Tuesday, July 18, 2017

Fireproofing Your Home



If you’ve ever experienced a fire, you know just how quickly it can spread. The last place in the world you would like to see burst into flames is your home, and keeping it free from any fire hazards should be your number one priority. It is, after all, where you’re supposed to be at your safest. With these simple precautions, you can guard your home against damage and keep your family safe and sound.

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Image source: Pexels


Candles and Kitchen

Most fires start at home and mainly in the kitchen. It’s no wonder, really; you cook, handle the heat, and bake dishes at hundreds of degrees in the kitchen, and it makes sense to treat this area with as much caution as possible. No food should be cooked unattended - especially not by your children.

Talk to the youngest members of the household about common reasons behind house fire and tell them to let a grown-up know immediately if there are any matched or lighters lying around. Children are used to flames and don’t always realize the potential it has for damage - as much imagination as they have, it’s not always easy to connect the little flame at the tip of a match or a candle with a raging house fire.

It’s your responsibility as a parent to make sure that no ignition material is floating about, as well as never allowing a live fire to go on unattended. Tell your children to treat their friend’s house the same way and let their parents know if a box of matches is found within reach.

Fire Extinguisher and Smoke Alarms

You should ensure that every room has a functioning fire extinguisher. When a spark turns into a fire, the first thing you’ll turn to in panic is anything that can suffocate the flames - and the extinguisher is your best friend in this situation. Most people keep one in the kitchen, but you should have one handy in each room of the house. Remember the basement, attic, and garage as well. These rooms tend to be overlooked, which is strange as a lot of flammable material tends to be stored in these places.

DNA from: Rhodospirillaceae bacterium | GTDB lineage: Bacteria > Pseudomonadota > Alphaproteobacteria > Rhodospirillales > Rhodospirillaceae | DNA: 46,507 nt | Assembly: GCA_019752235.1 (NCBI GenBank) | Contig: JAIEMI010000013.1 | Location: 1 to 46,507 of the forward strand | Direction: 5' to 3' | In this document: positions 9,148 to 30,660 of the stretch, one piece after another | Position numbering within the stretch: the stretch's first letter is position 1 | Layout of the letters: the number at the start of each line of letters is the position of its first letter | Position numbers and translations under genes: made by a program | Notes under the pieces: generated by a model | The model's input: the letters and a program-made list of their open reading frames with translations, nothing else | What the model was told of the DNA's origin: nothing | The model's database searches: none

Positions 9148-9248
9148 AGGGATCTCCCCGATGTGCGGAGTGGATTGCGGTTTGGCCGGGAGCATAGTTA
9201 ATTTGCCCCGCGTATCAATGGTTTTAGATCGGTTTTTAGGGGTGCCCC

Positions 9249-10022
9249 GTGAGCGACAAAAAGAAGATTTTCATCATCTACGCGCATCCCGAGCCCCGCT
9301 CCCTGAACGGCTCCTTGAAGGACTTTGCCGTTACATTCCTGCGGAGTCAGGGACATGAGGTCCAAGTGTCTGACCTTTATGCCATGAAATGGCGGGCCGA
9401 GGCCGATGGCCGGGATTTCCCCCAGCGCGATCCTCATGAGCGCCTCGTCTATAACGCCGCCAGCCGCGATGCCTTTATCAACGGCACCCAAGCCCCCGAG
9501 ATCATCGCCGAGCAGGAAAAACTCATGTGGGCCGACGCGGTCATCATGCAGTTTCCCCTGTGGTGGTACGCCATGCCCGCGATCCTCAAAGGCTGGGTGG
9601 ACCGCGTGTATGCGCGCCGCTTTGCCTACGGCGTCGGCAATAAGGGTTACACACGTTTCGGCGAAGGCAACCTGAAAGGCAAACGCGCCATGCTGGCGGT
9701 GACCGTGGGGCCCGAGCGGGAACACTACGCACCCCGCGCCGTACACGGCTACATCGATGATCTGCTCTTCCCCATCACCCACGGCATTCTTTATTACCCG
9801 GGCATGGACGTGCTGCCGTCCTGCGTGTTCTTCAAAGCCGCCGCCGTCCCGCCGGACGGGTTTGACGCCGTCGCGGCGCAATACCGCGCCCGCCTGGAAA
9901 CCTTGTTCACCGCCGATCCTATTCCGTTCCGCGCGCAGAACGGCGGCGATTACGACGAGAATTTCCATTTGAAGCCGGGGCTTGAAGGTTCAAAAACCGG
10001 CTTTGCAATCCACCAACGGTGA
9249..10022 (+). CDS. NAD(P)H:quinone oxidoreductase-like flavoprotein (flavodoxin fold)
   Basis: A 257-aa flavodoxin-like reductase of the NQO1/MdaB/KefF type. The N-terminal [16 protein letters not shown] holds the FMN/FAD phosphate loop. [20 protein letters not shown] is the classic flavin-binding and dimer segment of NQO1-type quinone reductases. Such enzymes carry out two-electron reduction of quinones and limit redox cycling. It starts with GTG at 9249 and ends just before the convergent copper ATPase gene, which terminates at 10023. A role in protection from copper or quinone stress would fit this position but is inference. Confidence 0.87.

Make a note of the expiry date of your fire extinguishers too; you don’t want to squirt out a bit of useless and liquid foam when you need it the most. Replace or refill these in time, as well as ensuring your alarms by performing smoke alarm testing from time to time - around every fourth month should do. Your smoke alarms play the biggest role in notifying you about a potential fire, and you need to maintain them to make sure they’re working as they should.

Fireproof Furniture?

Besides from educating your young children on fire safety and ensuring that your home has a sufficient amount of extinguishers and alarms, there is a lot more you can do to fireproof it.
The next time you replace an old piece of furniture or remove a stained carpet, consider investing in a fireproof coating. It keeps a potential fire from spreading if something should happen, and your family will have more routes to escape from where the fire hasn’t reached. Ask the store manager to help you with this, as well as curtains and other fabrics.

In case you’re not planning on replacing any of your furniture quite yet, but would still like to fireproof your home as much as possible, you can simply coat it with a fireproofing spray. It protects the material from stains, too, so there’s no downside to this at all.

Fire loves synthetic carpeting and wool. If it starts in your home and spread to these carpets, you can kiss the rest of the room goodbye. Fire resistant carpeting is a thing these days for a good reason; it prevents the fire from spreading and ensures the safety of your family. They come in an array of great-looking patterns and colors, by the way, so don’t let anything stop you from being as safe as possible.

The Family Escape Route

They practice fire drills at least twice a year at your children’s schools, and it would be strange not to think about their safety at home. Children tend to be left unattended at home where they’re supposed to be at their safest; at most fires started by young children occur in the middle of their own bedroom.

You need to have an escape route ready and remember to practice it; at least two exits should be available from each room, everybody stays low on the ground to inhale safe air, and if a garment is to catch fire, we stop, drop, and roll.

Most of what you can do to fireproof your home is to apply common sense to everything you do. Don’t overload your electrical wiring and keep matches out of the reach of young children; it makes so much sense that it’s easy to forget about it sometimes. However, the potential for a raging fire is too high to forget about it, so keep these safety tips in mind at all times.



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